Special Topics


Peace operations are increasingly multi-dimensional operations begun once the parties have reached or been induced to accept a political settlement. These operations focus on peace-building, seeking to strengthen or, in some cases, build civil and humanitarian institutions, aid economic and social development, and organize elections and full political participation within a safe and secure environment provided by the military and police elements of the mission. Often these missions must assume aspects or all of the political administration within the country or territory.

They involve a myriad number of institutions, agencies, and actors that include political, diplomatic, economic, military, humanitarian, human rights, legal, law and order, civil administration and governance efforts. There are large numbers of international, national, governmental and non-governmental organizations in the area of the operation as well as indigenous organizations.

Consent of the parties is a key variable in these missions at the operational and tactical level. A major effort of the peace operation needs to focus on building on and reinforcing the consent that exists. It is the consent of the local leaders and more broadly the people that must be built and reinforced. This involves a dynamic mixing of carrots and sticks that involves all the myriad institutions, agencies and actors from the international community. It must be done at the country level (operational) and in the villages and towns (tactical). This horizontal effort across the international community's participants at the operational and tactical levels must also take place between the operational and tactical level -- the vertical dimension.

The harmonization of these efforts is crucial to the success of the peace operation mission. It is more than coordination. The analogy to music is apt. Harmony in musical terms is the simultaneous combination of notes in a chord. The notes together achieve one sound -- one chord. Harmonization in a peace operation is central to effectively using the carrots and sticks among the international community to build the peace. The peace operations mission requires political leadership with a political framework so that the objectives -- the ends -- of the military and civilian components are harmonized.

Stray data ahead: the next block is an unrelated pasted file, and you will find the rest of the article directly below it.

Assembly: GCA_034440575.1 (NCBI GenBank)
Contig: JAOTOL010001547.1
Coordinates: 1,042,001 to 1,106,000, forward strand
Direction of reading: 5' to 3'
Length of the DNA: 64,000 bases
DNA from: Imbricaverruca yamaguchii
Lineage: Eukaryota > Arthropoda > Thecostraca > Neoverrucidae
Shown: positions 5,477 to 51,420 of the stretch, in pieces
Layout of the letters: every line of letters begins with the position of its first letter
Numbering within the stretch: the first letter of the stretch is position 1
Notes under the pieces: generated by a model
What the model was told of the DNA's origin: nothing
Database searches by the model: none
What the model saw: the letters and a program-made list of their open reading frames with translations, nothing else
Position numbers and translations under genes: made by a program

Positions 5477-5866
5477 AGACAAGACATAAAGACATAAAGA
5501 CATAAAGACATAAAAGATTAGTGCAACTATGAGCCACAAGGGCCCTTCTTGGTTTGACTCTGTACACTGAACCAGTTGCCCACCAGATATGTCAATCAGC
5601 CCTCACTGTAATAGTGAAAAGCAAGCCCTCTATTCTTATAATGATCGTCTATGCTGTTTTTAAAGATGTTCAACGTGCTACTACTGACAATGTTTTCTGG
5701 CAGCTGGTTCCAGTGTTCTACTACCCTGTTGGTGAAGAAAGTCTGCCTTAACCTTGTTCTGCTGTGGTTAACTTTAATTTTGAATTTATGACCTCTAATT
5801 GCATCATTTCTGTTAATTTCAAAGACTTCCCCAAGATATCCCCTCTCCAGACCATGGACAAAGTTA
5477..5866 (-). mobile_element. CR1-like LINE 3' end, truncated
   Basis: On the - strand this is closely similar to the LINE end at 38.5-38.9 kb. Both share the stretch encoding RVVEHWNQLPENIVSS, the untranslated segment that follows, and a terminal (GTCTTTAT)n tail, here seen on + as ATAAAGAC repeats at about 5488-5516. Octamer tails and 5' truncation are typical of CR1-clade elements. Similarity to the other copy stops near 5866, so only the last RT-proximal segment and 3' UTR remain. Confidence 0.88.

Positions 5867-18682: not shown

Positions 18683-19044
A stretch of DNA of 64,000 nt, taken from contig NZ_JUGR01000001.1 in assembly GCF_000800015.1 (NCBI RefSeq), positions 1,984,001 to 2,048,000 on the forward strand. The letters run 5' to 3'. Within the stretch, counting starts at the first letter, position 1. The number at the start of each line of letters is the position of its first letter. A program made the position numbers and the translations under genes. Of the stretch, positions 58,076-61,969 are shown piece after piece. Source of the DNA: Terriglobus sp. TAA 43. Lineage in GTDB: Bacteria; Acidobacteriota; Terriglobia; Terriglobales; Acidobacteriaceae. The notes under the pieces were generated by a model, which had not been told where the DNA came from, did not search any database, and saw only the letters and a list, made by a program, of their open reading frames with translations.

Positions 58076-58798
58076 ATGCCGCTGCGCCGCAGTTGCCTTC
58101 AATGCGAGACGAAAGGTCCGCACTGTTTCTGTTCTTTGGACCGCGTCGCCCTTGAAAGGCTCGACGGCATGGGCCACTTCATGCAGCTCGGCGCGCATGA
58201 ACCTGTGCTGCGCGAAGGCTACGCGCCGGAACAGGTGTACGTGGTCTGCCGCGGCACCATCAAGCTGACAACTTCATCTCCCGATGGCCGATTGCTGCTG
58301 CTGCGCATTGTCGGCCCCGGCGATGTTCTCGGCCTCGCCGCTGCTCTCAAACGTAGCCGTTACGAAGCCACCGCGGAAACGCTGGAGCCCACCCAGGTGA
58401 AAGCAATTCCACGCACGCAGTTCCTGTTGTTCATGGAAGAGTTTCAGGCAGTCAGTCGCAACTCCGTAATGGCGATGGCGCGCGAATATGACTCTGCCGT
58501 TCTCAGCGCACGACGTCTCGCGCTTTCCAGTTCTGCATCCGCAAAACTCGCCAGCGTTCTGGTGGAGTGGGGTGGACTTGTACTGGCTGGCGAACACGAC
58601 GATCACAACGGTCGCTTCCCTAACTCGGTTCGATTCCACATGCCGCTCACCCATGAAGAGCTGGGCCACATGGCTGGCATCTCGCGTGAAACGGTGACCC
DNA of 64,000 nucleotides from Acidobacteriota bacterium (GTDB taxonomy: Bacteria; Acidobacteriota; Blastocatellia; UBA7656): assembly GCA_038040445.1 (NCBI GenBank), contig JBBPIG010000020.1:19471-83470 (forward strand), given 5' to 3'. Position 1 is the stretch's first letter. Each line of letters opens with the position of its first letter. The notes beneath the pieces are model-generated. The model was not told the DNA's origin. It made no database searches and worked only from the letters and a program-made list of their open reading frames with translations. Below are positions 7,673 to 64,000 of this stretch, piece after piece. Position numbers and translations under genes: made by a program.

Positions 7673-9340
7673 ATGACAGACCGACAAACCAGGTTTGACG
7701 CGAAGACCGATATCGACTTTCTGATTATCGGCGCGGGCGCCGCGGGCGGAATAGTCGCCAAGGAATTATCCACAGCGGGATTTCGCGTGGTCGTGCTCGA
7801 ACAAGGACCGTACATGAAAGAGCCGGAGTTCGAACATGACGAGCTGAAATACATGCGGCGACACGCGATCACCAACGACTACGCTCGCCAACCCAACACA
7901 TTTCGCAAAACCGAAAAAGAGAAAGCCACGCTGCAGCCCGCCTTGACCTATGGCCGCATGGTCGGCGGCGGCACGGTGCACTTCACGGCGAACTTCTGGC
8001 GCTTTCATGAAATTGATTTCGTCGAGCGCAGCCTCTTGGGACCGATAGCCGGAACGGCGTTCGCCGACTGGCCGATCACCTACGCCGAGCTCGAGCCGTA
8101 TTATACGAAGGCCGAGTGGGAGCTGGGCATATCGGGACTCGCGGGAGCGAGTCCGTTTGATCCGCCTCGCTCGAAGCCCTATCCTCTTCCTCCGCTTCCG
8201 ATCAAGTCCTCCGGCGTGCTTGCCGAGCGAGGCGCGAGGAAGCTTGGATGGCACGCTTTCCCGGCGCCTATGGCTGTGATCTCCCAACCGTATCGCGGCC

"Peace Implementation and the concept of Induced Consent"by David Joblonsky and James S. McCallum; Parameters, Spring 1999, pp. 54-70.

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Since the end of the Cold War, there has been a sharp increase in the number and the intensity of "complex contingencies" around the world. Complex contingencies include catastrophic natural disasters as well as violent intra-state or ethnic conflicts or situations which have undermined regional stability, trampled emerging democracies or brought about humanitarian suffering on a massive scale. Dealing with these issues in a political-military context, once on the periphery of the bi-polar Cold War struggle, has now become an important part of United States national strategy.

This section of the PKSOI website contains key documents (relevant to these complex contingencies as well as the current edition of the Interagency Management of Complex Crisis Operations Handbook. The Handbook details how the Pol-Mil planning tools and mechanisms for coordination within the Interagency Progress may be applied in a multi-dimensional response to an emergency whether natural catastrophe or made-made crisis.

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Since the Cold War US armed forces have acquired significant experience in what are now termed multidimensional peace operations. These operations have proven to be infinitely more complex than the classic form, since they are usually marked by high-level agreements that can only be implemented by large military forces designed to insure that strategic consent filters down to the theater strategic, operational and tactical levels in order that the longer-term process of peace building can begin.

The result of all this is that the military forces from all countries participating in current peacekeeping efforts are involved in a large assortment of new tasks ranging from disarmament of factions to election security. Moreover, the nature of these tasks requires that the military become increasingly involved with a host of civilian agencies associated with both international and non-governmental organizations. A major feature of all these types of interaction is the process of negotiation.

Every after action review of these peace operations stresses the importance of understanding the conceptual framework of negotiations and the importance for all leaders to be effective in applying them in their work.

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Dispute Resolution

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